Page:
Cléo from 5 to 7 (1962) epitomizes the “ticking-clock” film, but, unlike most of these films that accelerate toward their narrative destinations, you’d never know from this film’s leisurely pace that time is quickly running out for the protagonist. Shots linger until the characters are eventually instigated into motion, a drive in a taxi extends for several minutes, and a character makes unwavering eye contact with the camera while she sings a song in its entirety. Rather than bluntly reminding the audience of quicksand funneling through an hourglass, Agnès Varda’s steady direction causes the presence of death to eventually loom in the background of both Cléo Victoire’s (Corinne Marchand) and the viewer’s mind. Over the course of ninety minutes, Cléo undergoes a slow transformation from hopeless stasis to renewed optimism as she allows herself to live with the recognition of her impending death.
Author: Natalie Jones
Spike Lee’s films communicate through an emotional, empathetic connection established by his adept classification of complex characters. Lee recognizes that for the viewer to ultimately connect with the protagonist, the film must present this character with all of their conflicting motivations and occasionally uncomfortable characteristics. In many biographical films, the protagonist is depicted as a sort of virtuous specimen whom the audience should revere and automatically consider morally superior. With Malcolm X, Lee deconstructs these thematic undertones that are prevalent within historical biopics whose protagonists never struggle with internal contradictions or conflicts. With his unflinching and deliberate characterization of a controversial figure, Lee utilizes a more panoramic approach to explore the intricacies of the protagonist’s life from his childhood beginnings as Malcolm Little to his untimely death as the revolutionary Malcolm X. Through Lee’s sympathetic, revealing lens, the complexity of this important figure’s life is presented to the viewer with all defenses consciously broken down.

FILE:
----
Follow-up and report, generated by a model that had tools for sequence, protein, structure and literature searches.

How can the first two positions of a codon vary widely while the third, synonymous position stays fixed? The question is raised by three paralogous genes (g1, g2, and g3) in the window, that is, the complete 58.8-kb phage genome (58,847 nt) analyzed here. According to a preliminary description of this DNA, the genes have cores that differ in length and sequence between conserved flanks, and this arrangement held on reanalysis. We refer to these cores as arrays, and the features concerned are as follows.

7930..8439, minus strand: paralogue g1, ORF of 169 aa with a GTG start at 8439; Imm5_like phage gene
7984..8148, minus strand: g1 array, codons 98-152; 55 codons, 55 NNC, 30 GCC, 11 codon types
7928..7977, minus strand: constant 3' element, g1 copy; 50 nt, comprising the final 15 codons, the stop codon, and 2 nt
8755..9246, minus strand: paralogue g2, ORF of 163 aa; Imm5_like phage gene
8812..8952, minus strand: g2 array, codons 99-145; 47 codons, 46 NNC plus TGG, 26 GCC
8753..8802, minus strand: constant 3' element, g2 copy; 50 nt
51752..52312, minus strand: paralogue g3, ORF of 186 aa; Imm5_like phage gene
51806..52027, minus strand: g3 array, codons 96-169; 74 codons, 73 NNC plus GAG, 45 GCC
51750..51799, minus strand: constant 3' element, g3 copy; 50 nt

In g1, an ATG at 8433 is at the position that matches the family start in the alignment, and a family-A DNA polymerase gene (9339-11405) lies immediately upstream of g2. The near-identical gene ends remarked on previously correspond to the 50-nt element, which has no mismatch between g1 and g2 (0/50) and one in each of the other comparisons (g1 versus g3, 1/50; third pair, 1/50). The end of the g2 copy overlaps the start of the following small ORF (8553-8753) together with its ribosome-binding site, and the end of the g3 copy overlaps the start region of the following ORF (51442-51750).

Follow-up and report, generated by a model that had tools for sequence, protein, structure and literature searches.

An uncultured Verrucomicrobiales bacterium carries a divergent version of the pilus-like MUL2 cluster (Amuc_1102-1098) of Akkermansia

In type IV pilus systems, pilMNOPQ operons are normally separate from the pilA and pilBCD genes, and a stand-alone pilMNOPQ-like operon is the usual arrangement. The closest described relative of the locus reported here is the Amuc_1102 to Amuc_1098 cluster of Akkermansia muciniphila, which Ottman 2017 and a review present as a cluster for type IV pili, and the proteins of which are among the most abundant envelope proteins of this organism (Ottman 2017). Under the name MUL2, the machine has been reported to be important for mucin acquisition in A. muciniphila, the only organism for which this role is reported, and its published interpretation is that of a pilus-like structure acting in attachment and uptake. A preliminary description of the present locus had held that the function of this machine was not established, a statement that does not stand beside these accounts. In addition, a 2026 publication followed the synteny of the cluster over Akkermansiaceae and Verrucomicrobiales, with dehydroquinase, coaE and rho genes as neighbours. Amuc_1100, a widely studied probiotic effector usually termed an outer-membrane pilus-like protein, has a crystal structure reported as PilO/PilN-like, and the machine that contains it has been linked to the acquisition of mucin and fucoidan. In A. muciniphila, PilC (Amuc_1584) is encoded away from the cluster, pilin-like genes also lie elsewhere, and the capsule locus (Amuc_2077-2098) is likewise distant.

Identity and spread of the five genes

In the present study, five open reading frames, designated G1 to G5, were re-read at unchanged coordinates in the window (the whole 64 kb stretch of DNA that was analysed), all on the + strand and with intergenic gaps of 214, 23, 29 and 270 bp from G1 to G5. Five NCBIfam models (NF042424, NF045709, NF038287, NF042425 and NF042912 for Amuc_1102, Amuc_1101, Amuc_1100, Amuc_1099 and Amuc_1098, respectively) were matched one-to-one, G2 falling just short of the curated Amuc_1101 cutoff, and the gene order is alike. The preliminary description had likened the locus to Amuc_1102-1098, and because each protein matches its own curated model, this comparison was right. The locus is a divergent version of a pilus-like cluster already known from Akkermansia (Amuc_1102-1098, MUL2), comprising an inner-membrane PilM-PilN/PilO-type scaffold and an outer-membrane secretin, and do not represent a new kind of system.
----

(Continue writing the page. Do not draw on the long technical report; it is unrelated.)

Femmes fatales are often revered by women, feared by men and adored by the camera. Within the first few minutes of Red-Headed Woman, we are charmed and seduced by Lil “Red” Andrews (Jean Harlow), despite her deceitful intentions and our moral sensibilities. She is an enigmatic figure who seems to be constantly playing roles, adopting different voices, performing for audiences.
In the opening scene, Lil excitedly reveals to her friend, Sally (Una Merkel), that she is going to surprise her married boss, Bill (Chester Morris), at his house that night to help him write some “important letters.” Sally claims that Bill is madly in love with his wife, but Lil persists. As soon as Lil’s husband walks into the bar and sees her gossiping, she puts down her bottle of breath-freshening spray and rushes over to him with an unthreatening smile now plastered on her face. She gushes, “Hello, hon!” It’s not long before he’s wiping her lipstick from his face with a handkerchief, while she’s fixing herself with a victorious smirk.
As an introduction to the titular protagonist of Jean-Pierre Jeunet’s Amélie (2001), the narrator declares in the opening scene that she “cultivates a particular taste for the small pleasures” such as sticking her hand into a sack of rice, satisfyingly cracking crème brûlée with a spoon, and skipping stones across a river. Through this scene, the audience becomes almost instantly familiar with Amélie (Audrey Tautou), a character whose personality is defined and shaped by the minutiae of daily life.